If schools don’t have enough money and teachers, all bets are off when it comes to educational improvement. David Barnett is too measured a character to put it in quite such blunt terms. But the new School Leaders Scotland president peppers conversation with reminders of the stark realities facing teachers.
Speaking at the recent SLS annual gathering at Loch Lomond, he warned that local authorities were now so squeezed that education could no longer rely on the special protection it had often been afforded.
It is a warning he repeats when talking to Tes Scotland. “If some of the forecasts prove to be as bad as they are at the moment, we’re going to see ourselves in a position where the quality of the curriculum…could be directly affected by cuts that will have to be made to staffing numbers.”
Barnett has seen warning signs that local authorities will no longer protect education from the worst ravages of budget cuts; this “will inevitably lead to there being fewer teachers employed in schools and therefore less subject choice for young people”.
An inevitable knock-on effect, he says, is that it would become harder to close the attainment gap – an issue upon which the government has staked its reputation.
The biggest town in Moray, Elgin, accounting for about a quarter of the authority’s population, should be experiencing less severe recruitment problems than rural areas, says Barnett.
But last month the council warned that a “grave” shortage of teachers might result in primary pupils attending school part-time; and Elgin Academy is not immune either, having been unable to fill a modern languages post despite four rounds of advertising.
Recruitment difficulties are one reason why Barnett can see potential positives in the government’s controversial “regional improvement collaboratives” – if they lead to support for subject teachers from specialist advisers like those who once worked across the sprawling old regions of Scotland. “That would be a very welcome development,” he says.
More generally, in these tough financial times, Barnett sees a strong argument for forging links across council boundaries. “We have schools and local authorities who are actually quite close geographically, but never really get the chance to work together. Anything that improves those kind of options has to be welcomed,” he says.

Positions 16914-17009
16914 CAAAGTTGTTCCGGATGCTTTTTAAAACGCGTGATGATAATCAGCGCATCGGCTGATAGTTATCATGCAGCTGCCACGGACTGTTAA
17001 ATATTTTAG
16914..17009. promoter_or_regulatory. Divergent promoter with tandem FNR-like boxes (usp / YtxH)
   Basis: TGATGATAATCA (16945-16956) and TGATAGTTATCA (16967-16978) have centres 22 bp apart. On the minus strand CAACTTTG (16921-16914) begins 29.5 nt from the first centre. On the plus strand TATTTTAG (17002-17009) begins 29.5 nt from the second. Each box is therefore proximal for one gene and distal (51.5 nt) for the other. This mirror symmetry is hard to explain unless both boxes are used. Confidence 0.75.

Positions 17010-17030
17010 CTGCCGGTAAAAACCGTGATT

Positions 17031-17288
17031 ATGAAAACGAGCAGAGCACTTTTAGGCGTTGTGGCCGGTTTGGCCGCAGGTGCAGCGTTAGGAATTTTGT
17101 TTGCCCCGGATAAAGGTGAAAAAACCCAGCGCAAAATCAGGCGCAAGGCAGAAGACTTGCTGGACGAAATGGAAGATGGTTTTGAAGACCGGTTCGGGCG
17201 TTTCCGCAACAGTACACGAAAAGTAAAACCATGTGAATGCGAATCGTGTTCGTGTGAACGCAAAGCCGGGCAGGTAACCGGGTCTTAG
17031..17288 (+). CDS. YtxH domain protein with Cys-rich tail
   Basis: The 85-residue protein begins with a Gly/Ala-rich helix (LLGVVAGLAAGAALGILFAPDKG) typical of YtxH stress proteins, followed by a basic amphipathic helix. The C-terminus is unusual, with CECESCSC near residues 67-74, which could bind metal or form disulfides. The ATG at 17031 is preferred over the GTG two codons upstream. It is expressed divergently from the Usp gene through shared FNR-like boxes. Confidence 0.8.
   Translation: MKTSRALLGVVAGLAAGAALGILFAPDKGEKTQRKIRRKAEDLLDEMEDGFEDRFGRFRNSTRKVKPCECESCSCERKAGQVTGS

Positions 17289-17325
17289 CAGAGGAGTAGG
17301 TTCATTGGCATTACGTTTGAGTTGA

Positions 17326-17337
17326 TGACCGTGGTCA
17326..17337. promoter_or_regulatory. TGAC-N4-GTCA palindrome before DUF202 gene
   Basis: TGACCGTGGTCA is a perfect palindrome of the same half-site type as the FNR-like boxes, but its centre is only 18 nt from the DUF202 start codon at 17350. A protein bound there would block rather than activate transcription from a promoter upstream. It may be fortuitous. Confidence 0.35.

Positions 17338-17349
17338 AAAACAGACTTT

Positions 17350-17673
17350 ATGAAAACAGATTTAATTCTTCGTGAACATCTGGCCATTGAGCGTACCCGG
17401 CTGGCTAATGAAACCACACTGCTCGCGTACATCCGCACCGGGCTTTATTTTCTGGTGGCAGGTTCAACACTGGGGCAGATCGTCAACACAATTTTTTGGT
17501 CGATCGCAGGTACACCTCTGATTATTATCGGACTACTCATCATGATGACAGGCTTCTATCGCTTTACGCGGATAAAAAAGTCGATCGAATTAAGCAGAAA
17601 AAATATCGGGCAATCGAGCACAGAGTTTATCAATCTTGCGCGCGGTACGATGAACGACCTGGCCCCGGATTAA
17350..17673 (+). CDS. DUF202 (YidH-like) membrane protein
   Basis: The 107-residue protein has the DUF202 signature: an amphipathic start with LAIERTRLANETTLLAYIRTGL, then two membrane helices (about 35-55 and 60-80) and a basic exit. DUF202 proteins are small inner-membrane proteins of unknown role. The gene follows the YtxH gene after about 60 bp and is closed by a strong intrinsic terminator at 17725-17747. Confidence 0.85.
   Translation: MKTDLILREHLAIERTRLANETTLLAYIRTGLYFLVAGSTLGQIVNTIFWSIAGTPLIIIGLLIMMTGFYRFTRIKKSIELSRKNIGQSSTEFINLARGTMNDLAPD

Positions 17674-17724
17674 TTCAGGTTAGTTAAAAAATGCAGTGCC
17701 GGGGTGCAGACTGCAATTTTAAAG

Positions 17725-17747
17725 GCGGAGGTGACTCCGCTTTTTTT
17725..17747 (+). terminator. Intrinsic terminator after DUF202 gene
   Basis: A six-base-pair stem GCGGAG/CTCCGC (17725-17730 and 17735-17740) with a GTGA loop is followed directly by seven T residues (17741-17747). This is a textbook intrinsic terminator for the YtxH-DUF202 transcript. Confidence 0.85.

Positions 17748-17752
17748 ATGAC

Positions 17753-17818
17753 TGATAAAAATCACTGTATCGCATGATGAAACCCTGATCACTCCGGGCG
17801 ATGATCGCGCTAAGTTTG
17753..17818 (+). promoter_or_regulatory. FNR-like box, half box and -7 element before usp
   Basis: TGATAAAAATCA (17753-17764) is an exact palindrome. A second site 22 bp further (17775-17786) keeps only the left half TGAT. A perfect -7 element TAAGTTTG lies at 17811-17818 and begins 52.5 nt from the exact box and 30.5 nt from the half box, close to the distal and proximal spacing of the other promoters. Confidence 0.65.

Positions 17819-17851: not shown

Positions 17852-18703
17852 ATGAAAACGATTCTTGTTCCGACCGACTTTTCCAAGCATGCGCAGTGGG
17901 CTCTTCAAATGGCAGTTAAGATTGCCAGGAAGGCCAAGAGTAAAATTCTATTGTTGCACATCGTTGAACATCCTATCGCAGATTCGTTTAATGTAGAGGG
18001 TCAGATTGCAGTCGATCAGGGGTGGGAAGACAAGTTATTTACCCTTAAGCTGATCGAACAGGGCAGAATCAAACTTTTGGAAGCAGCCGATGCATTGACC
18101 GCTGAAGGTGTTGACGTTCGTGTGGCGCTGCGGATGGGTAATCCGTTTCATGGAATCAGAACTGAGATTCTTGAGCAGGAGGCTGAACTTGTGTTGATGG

Barnett cautions, however, that “there are a lot of unknowns about how it’s all going to work”, adding: “We don’t want it to be another layer of accountability…There is already enough accountability for heads at the moment.”
He is also in two minds about the “massive issue” of the headteachers’ charter that promises to devolve unprecedented amounts of power and responsibility to school leaders. Barnett sees the “key test” being whether heads “become leaders of learning even more so than they currently are”.
He thinks there should ideally be a business manager in every school, to ensure that heads do not instead become bogged down in “the bureaucracy of managing budgets and so on”.
“It’s really important that there are staff there who can do that type of work to allow headteachers and deputes the freedom to be much more involved in directing learning and teaching…rather than spending time looking at spreadsheets and juggling figures,” he says.
A teacher since 1991 and a head for more than a decade, thinking back on his career now, Barnett can recall no precedent for the challenges currently facing the profession. “I don’t think people can remember a pace of change quite like it,” he says. “There is a danger that the profession is becoming a bit weary of change.”
‘Grave’ staffing shortfall
But some change in the past 27 years has been for the better, he adds, with schools now far more inclusive and no longer fixated on the success of academic high-fliers to the detriment of others.
“The range and type of support for young people – and our awareness of their needs – has improved hugely,” says Barnett, but with a caveat: “We hope that potential budget cuts aren’t going to affect that too much.”
Despite the gloom gathering around schools as they struggle for staff and resources, Barnett still believes teaching is “the best job in the world” and that more should be done to talk up the profession.
“It’s a huge privilege to be able to influence and guide young people,” he says. “When you see that little lightbulb moment, when you see a pupil that’s struggled to understand something and, through your help, the penny suddenly drops – that’s a hugely rewarding moment for any teacher.”
And, on a lighter note, teaching also provides rewards – and a swagbag of great stories – during moments when the lightbulb hasn’t quite sparked into action. Barnett has one such example from a recent school trip: “We were on a train from Birmingham Airport to the city centre when one of the pupils said to me, ‘Mr Barnett, it’s pitch black out there’ – and I had to reply, ‘Jamie, that’s because we’re in a tunnel.’”